State efforts to change the way Medicaid transportation is delivered could soon impact Chautauqua County taxpayers and residents using CARTS.
Mary Ann Spanos, director of the Office for the Aging, spoke at Monday night's meeting of the Legislature's Public Facilities Committee to discuss changes being implemented within the public transportation system.
The state Department of Health is in the process of hiring a regional transportation manager to implement a regional call center to replace current Medicaid coordination initiatives in Chautauqua County.
Currently, Medicaid transportation is coordinated through the Office for the Aging and CARTS, with support of the state Department of Transportation.
However, communication at the county level has already ended for several counties statewide, and will end in 2014 in Chautauqua County, while those on Medicaid and in need of transportation will have to use an answering service in order to arrange for a ride.
Originally implemented in New York City, rationale for the decision has been cost savings and a "one size fits all" approach, Spanos said. However, the state has not taken into account how rural communities communicate together in order to organize rides for those on Medicaid and without other modes of transportation.
Operators based out of the county are less informed about available transportation times and options for CARTS users, further using other methods such as taxis and volunteers, which drives up costs, Spanos said.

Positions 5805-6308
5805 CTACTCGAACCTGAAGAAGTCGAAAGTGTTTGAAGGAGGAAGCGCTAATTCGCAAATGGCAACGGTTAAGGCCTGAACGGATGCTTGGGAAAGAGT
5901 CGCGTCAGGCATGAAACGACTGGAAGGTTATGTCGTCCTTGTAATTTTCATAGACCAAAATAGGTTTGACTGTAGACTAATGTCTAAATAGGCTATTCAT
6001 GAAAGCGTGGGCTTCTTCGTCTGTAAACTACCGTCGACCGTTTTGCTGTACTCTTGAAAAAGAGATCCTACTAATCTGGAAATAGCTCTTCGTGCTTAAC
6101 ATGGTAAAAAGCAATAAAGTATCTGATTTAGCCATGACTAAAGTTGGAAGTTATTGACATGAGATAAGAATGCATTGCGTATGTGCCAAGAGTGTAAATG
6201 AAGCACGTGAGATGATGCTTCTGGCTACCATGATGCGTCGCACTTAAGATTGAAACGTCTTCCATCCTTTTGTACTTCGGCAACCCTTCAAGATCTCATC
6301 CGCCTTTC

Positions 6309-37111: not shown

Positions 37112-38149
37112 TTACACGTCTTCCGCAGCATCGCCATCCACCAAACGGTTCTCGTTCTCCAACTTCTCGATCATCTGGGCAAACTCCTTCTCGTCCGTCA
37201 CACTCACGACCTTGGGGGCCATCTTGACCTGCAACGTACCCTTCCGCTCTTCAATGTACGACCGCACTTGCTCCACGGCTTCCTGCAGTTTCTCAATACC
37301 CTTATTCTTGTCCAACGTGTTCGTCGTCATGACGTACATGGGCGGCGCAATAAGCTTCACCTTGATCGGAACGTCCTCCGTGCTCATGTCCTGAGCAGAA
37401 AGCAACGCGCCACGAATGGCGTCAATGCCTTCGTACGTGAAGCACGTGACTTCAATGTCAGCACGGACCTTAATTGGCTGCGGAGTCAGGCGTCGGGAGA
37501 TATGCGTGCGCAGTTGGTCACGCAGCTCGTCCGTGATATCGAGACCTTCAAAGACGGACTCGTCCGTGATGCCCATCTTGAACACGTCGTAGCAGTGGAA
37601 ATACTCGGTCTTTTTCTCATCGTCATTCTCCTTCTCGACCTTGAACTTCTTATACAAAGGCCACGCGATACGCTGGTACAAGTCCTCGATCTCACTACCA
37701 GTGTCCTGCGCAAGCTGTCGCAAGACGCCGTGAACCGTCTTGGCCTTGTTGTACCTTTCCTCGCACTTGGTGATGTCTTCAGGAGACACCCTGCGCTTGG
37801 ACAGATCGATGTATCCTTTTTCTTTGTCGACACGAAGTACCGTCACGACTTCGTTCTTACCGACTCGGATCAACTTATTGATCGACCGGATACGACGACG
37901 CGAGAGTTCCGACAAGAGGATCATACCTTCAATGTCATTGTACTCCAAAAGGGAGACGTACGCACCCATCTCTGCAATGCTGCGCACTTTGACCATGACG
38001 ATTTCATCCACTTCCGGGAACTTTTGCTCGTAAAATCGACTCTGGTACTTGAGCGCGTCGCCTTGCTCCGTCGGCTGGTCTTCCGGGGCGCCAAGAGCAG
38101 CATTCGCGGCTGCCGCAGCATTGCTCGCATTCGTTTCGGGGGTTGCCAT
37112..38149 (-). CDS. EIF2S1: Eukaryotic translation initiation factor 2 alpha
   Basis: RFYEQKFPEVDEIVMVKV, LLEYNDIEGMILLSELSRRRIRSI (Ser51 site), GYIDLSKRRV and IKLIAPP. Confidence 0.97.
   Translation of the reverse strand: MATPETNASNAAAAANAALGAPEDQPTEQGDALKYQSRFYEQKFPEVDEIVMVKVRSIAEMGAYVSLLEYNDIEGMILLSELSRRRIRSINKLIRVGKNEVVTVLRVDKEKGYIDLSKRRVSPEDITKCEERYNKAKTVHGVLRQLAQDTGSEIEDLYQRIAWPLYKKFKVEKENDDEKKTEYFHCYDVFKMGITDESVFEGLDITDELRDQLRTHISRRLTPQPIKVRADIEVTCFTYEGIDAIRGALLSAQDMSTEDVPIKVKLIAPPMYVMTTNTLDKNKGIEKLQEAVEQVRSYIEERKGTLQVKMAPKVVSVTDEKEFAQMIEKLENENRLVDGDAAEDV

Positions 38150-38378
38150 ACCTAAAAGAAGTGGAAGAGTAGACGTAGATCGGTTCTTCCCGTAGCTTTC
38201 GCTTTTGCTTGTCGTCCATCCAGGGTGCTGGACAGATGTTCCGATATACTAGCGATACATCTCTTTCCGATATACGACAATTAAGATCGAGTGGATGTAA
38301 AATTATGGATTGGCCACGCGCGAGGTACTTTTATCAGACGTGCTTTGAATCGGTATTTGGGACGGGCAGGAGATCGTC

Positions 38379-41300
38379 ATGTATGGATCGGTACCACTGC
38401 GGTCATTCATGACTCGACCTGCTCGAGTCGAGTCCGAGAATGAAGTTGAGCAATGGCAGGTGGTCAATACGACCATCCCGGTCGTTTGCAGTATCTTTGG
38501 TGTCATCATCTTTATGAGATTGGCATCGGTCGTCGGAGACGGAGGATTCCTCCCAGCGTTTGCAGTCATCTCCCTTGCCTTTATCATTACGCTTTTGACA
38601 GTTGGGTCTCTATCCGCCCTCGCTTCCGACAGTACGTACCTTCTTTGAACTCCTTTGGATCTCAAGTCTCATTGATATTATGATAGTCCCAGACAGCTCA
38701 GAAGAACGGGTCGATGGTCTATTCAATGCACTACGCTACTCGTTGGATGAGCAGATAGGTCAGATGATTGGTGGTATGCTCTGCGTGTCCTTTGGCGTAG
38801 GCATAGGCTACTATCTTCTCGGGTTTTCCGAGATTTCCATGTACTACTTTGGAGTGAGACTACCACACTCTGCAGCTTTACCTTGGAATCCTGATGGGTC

"The Department of Health only looked at the coordination cost, while the cost of the ride will definitely change," Spanos said. "The result of this will be a drop in ridership, and it could dismantle the whole CARTS system, which is subsidized by the local government. Really, it's our only mode of public transportation."
Other counties already operating under the new system have seen drastic reduction in ridership on public routes.
"If you take a quarter of riders out of the system, the cost goes up for everybody," Spanos said, adding that CARTS provides services to veterans, the disabled and other transit-dependent riders - not just those on Medicaid.
Cortland County has experienced a 31 percent loss of county transit system revenues since October, while bus drivers were reduced from 20 to 13 due to service decline, Spanos said.
Chenango County has seen a 32 percent decline in total transit system revenue from lost Medicaid revenue.
"Total dollars saved by CARTS coordination of mandated Medicaid transportation more than pays for the operational local share costs of CARTS," Spanos said, adding that CARTS caters to veterans, nursing homes and other social agencies.
A motion was made to garner support of the county legislature for postponement of the program's implementation, and will be further discussed with other committees throughout the week.
To show support for Medicaid transportation, call state representatives Assemblyman Andy Goodell, R-Jamestown, or state Sen. Cathy Young, R-Olean.
Goodell can be reached at 664-7773. Young can be reached at 664-4603.